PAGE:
“The Hypogée des Dunes, Poitiers: Faith and Science in Nineteenth-Century France” Research Colloquium by Dr. Bonnie Effros

Monday, October 30 at 12:30 PT

Buchanan Tower, Room 1099


The Hypogée des Dunes, Poitiers: Faith and Science in Nineteenth-Century France by Dr. Bonnie Effros


The late nineteenth century saw the growth of a sizable chasm between the faith-based work of clerical scholars and the proponents of professional archaeological circles in France. The career of the Belgian Jesuit Camille de la Croix is a good example of such a phenomenon: in 1879, the archaeologist, who would remain for over forty years in Poitiers, France, believed that he had discovered 72 previously unknown martyrs at the Hypogée des Dunes. However, because his interpretation of the site was improbable and supported ultramontane claims for the apostolic origins of the church in Gaul, some colleagues were skeptical. Many lay contemporaries in the Third Republic argued that a faith-based approach such as that of de la Croix precluded full and meaningful participation in scientific research. In this presentation I will address the scholarly conflict over the Hypogée des Dunes and what that said, in turn, about evidence for the earliest Christians in Gaul.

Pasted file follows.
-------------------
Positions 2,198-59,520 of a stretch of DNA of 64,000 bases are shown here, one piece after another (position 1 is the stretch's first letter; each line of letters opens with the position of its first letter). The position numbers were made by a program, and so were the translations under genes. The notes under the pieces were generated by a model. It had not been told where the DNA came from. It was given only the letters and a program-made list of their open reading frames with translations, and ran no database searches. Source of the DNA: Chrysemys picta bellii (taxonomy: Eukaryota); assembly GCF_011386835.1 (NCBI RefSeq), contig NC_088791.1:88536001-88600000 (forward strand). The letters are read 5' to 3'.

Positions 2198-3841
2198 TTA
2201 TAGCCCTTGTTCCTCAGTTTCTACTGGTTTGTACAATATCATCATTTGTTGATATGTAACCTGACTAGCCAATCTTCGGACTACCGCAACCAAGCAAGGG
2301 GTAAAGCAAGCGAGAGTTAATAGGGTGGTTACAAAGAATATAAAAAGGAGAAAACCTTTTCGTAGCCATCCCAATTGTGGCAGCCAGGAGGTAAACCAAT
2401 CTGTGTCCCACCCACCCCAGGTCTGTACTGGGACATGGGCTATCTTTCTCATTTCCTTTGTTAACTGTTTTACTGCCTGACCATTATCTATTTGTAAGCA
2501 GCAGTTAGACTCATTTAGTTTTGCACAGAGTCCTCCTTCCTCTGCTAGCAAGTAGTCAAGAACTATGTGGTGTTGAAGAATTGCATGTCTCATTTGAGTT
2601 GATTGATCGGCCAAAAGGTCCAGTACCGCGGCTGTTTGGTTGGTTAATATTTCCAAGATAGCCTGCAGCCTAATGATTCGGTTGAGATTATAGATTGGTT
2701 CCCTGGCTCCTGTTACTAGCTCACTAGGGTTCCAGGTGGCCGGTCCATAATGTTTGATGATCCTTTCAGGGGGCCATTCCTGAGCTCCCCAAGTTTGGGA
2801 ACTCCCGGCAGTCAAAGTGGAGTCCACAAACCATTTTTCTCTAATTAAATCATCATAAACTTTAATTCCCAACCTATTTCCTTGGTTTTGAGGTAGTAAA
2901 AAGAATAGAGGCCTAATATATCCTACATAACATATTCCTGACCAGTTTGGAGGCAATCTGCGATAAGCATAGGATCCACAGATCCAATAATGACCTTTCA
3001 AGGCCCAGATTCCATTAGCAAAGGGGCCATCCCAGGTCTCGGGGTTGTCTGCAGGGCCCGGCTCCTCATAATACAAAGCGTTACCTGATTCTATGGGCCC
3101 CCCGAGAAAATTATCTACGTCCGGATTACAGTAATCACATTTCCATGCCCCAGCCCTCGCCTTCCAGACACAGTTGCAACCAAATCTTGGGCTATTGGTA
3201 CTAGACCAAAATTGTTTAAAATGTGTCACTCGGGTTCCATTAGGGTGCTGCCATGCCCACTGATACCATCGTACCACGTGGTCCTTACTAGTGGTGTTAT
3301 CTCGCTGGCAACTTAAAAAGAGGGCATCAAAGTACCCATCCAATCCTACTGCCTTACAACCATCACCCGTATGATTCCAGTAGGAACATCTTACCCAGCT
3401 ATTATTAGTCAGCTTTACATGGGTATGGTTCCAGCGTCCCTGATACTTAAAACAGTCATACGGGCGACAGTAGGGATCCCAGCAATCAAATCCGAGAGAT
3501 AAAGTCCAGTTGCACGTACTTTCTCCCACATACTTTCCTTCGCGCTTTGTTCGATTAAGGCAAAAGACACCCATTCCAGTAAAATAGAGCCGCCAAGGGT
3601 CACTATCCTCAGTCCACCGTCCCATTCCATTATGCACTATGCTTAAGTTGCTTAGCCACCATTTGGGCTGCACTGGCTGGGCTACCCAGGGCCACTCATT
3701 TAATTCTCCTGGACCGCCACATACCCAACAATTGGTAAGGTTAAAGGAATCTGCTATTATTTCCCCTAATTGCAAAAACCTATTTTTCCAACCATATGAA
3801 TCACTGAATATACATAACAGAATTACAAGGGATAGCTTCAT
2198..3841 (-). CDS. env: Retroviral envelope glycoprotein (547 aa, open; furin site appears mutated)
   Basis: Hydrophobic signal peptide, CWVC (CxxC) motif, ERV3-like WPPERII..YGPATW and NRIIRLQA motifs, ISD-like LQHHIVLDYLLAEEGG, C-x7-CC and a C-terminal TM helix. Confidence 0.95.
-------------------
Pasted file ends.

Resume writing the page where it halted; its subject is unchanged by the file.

Bonnie Effros, Ph.D., is Professor of History and Head of the Department of History at UBC. She is the author of, among other, Incidental Archaeologists: French Officers and the Rediscovery of Roman North Africa, 1830-1870 (Cornell UP, 2018) and Uncovering the Germanic Past: Merovingian Archaeology in France 1830-1914 (Oxford UP, 2012). Effros is the series editor of the Brill Series on the Early Middle Ages, a continuation of the Transformation of the Roman World series published by E.J. Brill in the Netherlands (2004-present) and she is a book review editor (2021-present) and member of the editorial board of Studies in Late Antiquity published by University of California Press (2016-present).